Close

Cookies on the Crossrail website

We use cookies to ensure we give you the best experience on our website. If you continue, we'll assume that you are happy to receive all cookies on the Crossrail website.

Find out why we use cookies and how to manage your settings.

Crossrail – from its early beginnings

In many ways Crossrail is not a new idea. In the nineteenth century the Regents Canal Company, realising the important role railways were increasingly playing in London, began plans for a new surface railway across the Capital. Renaming themselves the “Regents Canal & Railway Company” they lobbied for permission to build a railway that would link Paddington with London’s docks, running alongside or even replacing the Regents Canal itself.

Parliament eventually granted permission for the scheme in the 1880s, but although work continued over subsequent years to develop the route (which included adding plans for stations in the City of London) it ultimately came to nothing.

The idea resurfaced over fifty years later in 1943. With an end to the Second World War finally in sight, the thoughts of many started to turn to what would happen next. This was particularly true in London, which had – and continued – to suffer greatly from bombing.  

One of the results of this period of contemplation was the Abercrombie Plan. Today, the Plan is mostly remembered for big ideas such as the “Green Belt” and building “New Towns” at places such as Stevenage in Hertfordshire for displaced Londoners. What is less well known is that it also argued once again that better links were needed between the east and west of the Capital, and proposed building two new Tube lines to do the job.

Although much of the Abercrombie Plan ultimately came to pass the new Tube lines did not, and although further thought on the proposed lines took place, ultimately post-war London - and indeed Britain - had more important social and economic issues to deal with.

The idea, however, was not forgotten as London continued to grow and flourish. Its transport needs continued to develop and soon the need for a new line that provided better cross-Capital links began to seem more pressing. In the 1974 London Rail Study, published by the then Greater London Council and Department for Environment, that line finally got a name – “Crossrail.”

The 1974 London Rail Study is where Crossrail, at least as we know it today, was arguably born. A northern tunnel would join British Rail's Western Region lines west of Paddington to the Eastern Region lines east of Bethnal Green. There would be new stations at Paddington, Marble Arch, Bond Street, Leicester Square, Holborn and Liverpool Street. A southern tunnel would connect the Southern Region's Central Division services via stations at Victoria, Piccadilly, Leicester Square, Blackfriars, Monument and London Bridge.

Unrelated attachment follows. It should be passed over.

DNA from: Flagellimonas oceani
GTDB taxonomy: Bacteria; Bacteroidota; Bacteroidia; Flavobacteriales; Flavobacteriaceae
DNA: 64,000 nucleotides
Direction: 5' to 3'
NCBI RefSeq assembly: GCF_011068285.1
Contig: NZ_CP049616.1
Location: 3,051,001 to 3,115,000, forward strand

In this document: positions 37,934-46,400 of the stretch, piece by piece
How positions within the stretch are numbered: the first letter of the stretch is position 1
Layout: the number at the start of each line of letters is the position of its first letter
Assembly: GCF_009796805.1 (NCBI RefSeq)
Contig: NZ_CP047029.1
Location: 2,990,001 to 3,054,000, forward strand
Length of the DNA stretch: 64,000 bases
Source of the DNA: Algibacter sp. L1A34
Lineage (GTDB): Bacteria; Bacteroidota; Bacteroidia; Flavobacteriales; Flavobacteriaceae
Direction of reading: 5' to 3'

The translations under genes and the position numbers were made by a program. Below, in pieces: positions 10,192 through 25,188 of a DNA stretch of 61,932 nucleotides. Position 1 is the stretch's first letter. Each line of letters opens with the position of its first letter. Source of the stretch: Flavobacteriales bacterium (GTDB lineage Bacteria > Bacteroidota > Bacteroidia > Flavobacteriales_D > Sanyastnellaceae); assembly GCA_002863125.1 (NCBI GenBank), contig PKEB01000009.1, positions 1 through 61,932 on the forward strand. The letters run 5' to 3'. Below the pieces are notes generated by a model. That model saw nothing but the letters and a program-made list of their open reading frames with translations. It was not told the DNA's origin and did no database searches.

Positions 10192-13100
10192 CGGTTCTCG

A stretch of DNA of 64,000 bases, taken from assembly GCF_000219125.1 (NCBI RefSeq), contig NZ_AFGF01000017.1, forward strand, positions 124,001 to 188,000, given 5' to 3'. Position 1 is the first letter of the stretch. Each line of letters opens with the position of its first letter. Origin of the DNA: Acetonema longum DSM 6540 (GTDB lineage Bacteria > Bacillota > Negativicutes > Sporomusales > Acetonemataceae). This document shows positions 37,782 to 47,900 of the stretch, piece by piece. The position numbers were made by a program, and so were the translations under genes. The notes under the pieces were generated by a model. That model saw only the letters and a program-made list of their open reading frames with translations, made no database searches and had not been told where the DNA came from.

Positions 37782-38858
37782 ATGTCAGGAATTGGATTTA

Crucially though, the study was almost certainly the first time that it was acknowledged that Crossrail needed to be more than just another Tube line. For London – and areas beyond - to get the most benefit from the scheme it needed to be a mainline railway that just happened to spend a good deal of time underground.

“Crossrail would be similar to solutions which are being increasingly adopted throughout the world, eg, the Réseau Express Régional [RER] in Paris, and the German S-Bahn systems in Hamburg and Munich.”

“This proposal seemed to us an imaginative and exciting solution to the problems of overcrowded public transport in central London.”

Unfortunately, the Study estimated the cost of such a scheme at £300m, and thus although it recommended feasibility studies be undertaken as a priority, it could do little more. Crossrail was, however, now more than just an idea – it was a scheme just waiting for its time.

Indeed in 1980 that time almost came – and London almost ended up with a Crossrail that looked very different to that which is being built today. A British Rail discussion paper, published that year, proposed an Inter City link across London featuring three route options and costed at £330m. Rather than focusing on the east and west, the scheme suggested linking the existing infrastructure north and south of London, possibly via a deep bore tunnel beneath the centre of the Capital.

Although the route was very different from that which had been proposed in 1974, the overall objective was not massively dissimilar - to create a mainline gauge route that would link different British Rail areas and run a variety of through and direct services.

Indeed many of the external factors British Rail thought the scheme might need to interface with also look familiar today, all of which had featured in the 1974 Study as well. A then-prospective Channel Tunnel link gained a mention, with this Cross-London scheme seen as potentially opening up options for a Channel Tunnel connection to arrive into London at Victoria. The need for a potential connection through to Heathrow Airport was also discussed. British Rail also suggested that this scheme might relieve future congestion on the Underground, something that is still very much an objective of Crossrail today.